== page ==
PROGRAMME 2020

MONDAY, 6 JULY | 13.30 - 15.00 hrs (IST)

From CSR to BHR: Old Wine in New Bottle?

Session speakers

In 2014, India became the first country in the world to establish a law on corporate social responsibility (CSR) through an amendment of its Companies Act. It placed legal obligations upon large corporations to spend two percent of their annual profits on addressing pressing social and developmental challenges. Yet, how successful has CSR been in what it set out to achieve; and can responsible business conduct (RBC) do what CSR couldn't?

MONDAY, 6 JULY | 16.00 - 17.30 hrs (IST)

Introduction to the UN Guiding Principles on Business and Human Rights and the Sustainable Development Goals

Session speakers

In 2011, the UN Human Rights Council unanimously endorsed the Guiding Principles on Business and Human Rights (UNGPs)— a set of guidelines to address business impact on all human rights that applies to both governments and businesses. And in 2015, world leaders unanimously adopted 17 Sustainable Development Goals (SDGs) to end poverty, protect the planet and ensure that all people enjoy peace and prosperity by 2030. How are the two frameworks connected?

TUESDAY, 7 JULY | 13.30 - 15.00 hrs (IST)

Human Rights Due Diligence: Emerging Practice and its Relevance for India and South Asia

Session speakers

Businesses operate in increasingly complex environment that impacts people and the planet in significant ways. Human rights due diligence (HRDD) is a risk management process to identify, prevent, mitigate and account for how businesses address their real and potential adverse human rights impacts.

TUESDAY, 7 JULY | 16.00 - 17.30 hrs (IST)

Labour Rights Challenges in Global Supply Chains: The Case of Informal Workers

Session speakers

As businesses assume global operations, they increasingly rely on deep and extended supply chains that draw on competitive advantage in developing countries. The asymmetries of power and profits between (multinational) corporations and those who produce and supply often manifests in human rights abuses, indecent working conditions and exploitation of workers.

WEDNESDAY, 8 JULY | 13.30 - 15.00 hrs (IST)

Corporate Responsibility Amidst Covid-19

Session speakers

The COVID-19 pandemic has spotlighted the question of corporate responsibility more starkly than ever before. In India and other countries of South Asia, the crisis has deprived millions of people their wages, resulted in large number of job losses and increased exposure to the virus. While workers constitute the base of the giant corporate pyramid, what can companies do to protect their interests?

WEDNESDAY, 8 JULY | 16.00 - 17.30 hrs (IST)

Protecting the Environment and Climate from the Development Assault

Session speakers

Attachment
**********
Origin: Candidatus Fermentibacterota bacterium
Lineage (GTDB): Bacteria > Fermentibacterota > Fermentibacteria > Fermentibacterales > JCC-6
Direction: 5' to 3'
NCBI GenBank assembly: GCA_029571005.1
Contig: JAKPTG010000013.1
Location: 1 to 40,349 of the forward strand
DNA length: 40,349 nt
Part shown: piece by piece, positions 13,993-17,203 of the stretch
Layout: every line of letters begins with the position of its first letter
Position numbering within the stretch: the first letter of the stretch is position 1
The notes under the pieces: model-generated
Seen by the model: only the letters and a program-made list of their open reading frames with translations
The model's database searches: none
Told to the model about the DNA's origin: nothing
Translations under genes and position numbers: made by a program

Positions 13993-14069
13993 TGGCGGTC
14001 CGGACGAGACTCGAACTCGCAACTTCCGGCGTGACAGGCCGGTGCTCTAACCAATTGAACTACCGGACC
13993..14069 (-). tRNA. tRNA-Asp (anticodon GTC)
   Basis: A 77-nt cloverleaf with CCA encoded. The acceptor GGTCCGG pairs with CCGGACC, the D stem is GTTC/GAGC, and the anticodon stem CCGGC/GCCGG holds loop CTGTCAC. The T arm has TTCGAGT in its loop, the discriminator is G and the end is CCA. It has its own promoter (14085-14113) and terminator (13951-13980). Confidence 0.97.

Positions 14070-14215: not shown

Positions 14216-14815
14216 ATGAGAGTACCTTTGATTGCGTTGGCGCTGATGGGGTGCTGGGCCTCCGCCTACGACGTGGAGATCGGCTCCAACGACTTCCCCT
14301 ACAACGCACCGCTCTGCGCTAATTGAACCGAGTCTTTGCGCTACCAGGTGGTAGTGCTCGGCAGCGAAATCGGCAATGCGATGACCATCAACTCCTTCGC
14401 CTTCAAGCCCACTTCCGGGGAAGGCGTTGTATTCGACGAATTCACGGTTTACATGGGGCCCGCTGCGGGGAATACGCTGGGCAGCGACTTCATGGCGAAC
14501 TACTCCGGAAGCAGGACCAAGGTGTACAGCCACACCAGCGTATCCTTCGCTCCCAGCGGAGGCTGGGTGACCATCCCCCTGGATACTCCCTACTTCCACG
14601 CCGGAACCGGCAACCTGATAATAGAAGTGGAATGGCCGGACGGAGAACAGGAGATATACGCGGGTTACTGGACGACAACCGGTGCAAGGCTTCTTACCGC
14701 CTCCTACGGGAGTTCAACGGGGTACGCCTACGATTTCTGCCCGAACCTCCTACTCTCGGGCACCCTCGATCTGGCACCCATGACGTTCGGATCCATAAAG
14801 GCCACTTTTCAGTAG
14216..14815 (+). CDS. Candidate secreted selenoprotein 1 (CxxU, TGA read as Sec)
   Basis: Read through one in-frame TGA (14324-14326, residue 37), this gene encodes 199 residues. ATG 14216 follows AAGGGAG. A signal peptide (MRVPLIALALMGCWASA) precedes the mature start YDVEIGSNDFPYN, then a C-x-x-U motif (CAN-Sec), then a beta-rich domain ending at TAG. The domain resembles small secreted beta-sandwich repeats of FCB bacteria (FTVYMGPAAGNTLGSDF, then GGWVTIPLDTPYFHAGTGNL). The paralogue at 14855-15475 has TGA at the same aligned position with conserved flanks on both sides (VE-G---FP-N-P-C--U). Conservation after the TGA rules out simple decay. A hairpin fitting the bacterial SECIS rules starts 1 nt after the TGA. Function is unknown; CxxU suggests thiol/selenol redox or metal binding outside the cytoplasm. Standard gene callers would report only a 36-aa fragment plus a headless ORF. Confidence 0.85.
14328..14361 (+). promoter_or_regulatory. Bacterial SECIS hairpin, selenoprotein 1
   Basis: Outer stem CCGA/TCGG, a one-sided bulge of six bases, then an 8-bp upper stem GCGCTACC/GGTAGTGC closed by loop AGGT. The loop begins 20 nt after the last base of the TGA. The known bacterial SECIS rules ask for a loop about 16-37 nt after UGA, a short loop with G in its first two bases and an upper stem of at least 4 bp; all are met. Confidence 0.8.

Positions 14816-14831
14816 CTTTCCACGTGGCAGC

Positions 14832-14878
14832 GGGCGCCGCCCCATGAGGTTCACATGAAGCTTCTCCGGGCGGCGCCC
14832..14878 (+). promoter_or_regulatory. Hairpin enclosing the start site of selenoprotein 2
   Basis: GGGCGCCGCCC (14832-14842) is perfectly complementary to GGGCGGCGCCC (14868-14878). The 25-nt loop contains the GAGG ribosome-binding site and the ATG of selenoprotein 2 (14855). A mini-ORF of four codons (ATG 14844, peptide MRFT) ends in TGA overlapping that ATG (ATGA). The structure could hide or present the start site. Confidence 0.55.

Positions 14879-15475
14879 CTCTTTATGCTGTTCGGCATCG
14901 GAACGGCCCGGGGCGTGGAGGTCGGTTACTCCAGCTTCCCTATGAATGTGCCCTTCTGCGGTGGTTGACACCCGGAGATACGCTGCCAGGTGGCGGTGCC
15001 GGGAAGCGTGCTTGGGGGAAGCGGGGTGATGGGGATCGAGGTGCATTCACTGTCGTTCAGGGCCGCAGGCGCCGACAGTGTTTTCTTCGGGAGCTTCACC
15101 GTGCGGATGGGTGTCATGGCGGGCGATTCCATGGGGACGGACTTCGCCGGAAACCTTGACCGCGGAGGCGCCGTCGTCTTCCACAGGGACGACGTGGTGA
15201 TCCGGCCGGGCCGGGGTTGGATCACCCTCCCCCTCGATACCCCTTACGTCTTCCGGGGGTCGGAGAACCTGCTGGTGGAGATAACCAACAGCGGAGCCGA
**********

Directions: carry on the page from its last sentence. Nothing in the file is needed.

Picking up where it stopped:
In 2018, India ranked 177 out of 180 countries on the Environment Performance Index, dropping 36 points from its position in 2016. More recently, vast tracts of protected forests have given way to large-scale infrastructure projects, causing irreparable harm to the ecology and displacement of communities who depend on forests for life and livelihood. As GDP-dominated South Asian countries vie for economic growth and foreign investments, how will they balance the environmental impact and climate change?

THURSDAY, 9 JULY | 13.30 - 15.00 hrs (IST)

Addressing Gendered Impacts of Business Activities

Session speakers

Women, girls and sexual minorities experience business-related human rights abuses in unique ways and are often affected disproportionately. They face multiple forms of discrimination and experience additional barriers in seeking access to effective remedies for business-related human rights abuses. Therefore, business enterprises need to give special attention to their unique experiences and the structural discrimination or barriers that they face.

THURSDAY, 9 JULY | 16.00 - 17.30 hrs (IST)

Access to Remedy: Choosing the Right Option

Session speakers

It is the third pillar of the UNGPs, which establishes accountability and ensures justice in cases of business-related human rights violations. Access to remedy can assume many forms, State-based and non-State-based, judicial and non-judicial. Are they inter-changeable or are some remedial mechanisms better suited for certain specific scenarios?

FRIDAY, 10 JULY | 13.30 - 15.00 hrs (IST)

Role of Human Rights Defenders and National Human Rights Institutions in Corporate Accountability

Session speakers

National Human Rights Institutions (NHRIs) are tasked with promoting and protecting international human rights law standards at the domestic level, and have a significant role in the context of the third pillar on UNGPs— access to remedy. Yet, threats and attacks against human rights defenders (HRDs) are on the rise as they raise concern about adverse human rights impacts of business operations. How can the NHRIs contribute towards BHR and provide safeguards to defenders?

FRIDAY, 10 JULY | 16.00 - 17.30 hrs (IST)

National Action Plans on BHR: Moving from Paper to Practice

Session speakers

Since the adoption of the UNGPs in 2011, the Human Rights Council has called on all Member States to develop National Action Plans (NAPs) on business and human rights. The NAP is a policy document developed by governments to “protect against adverse human rights impacts by business enterprises in conformity with the UNGPs.” India and other South Asian countries are in the process of developing their NAPs.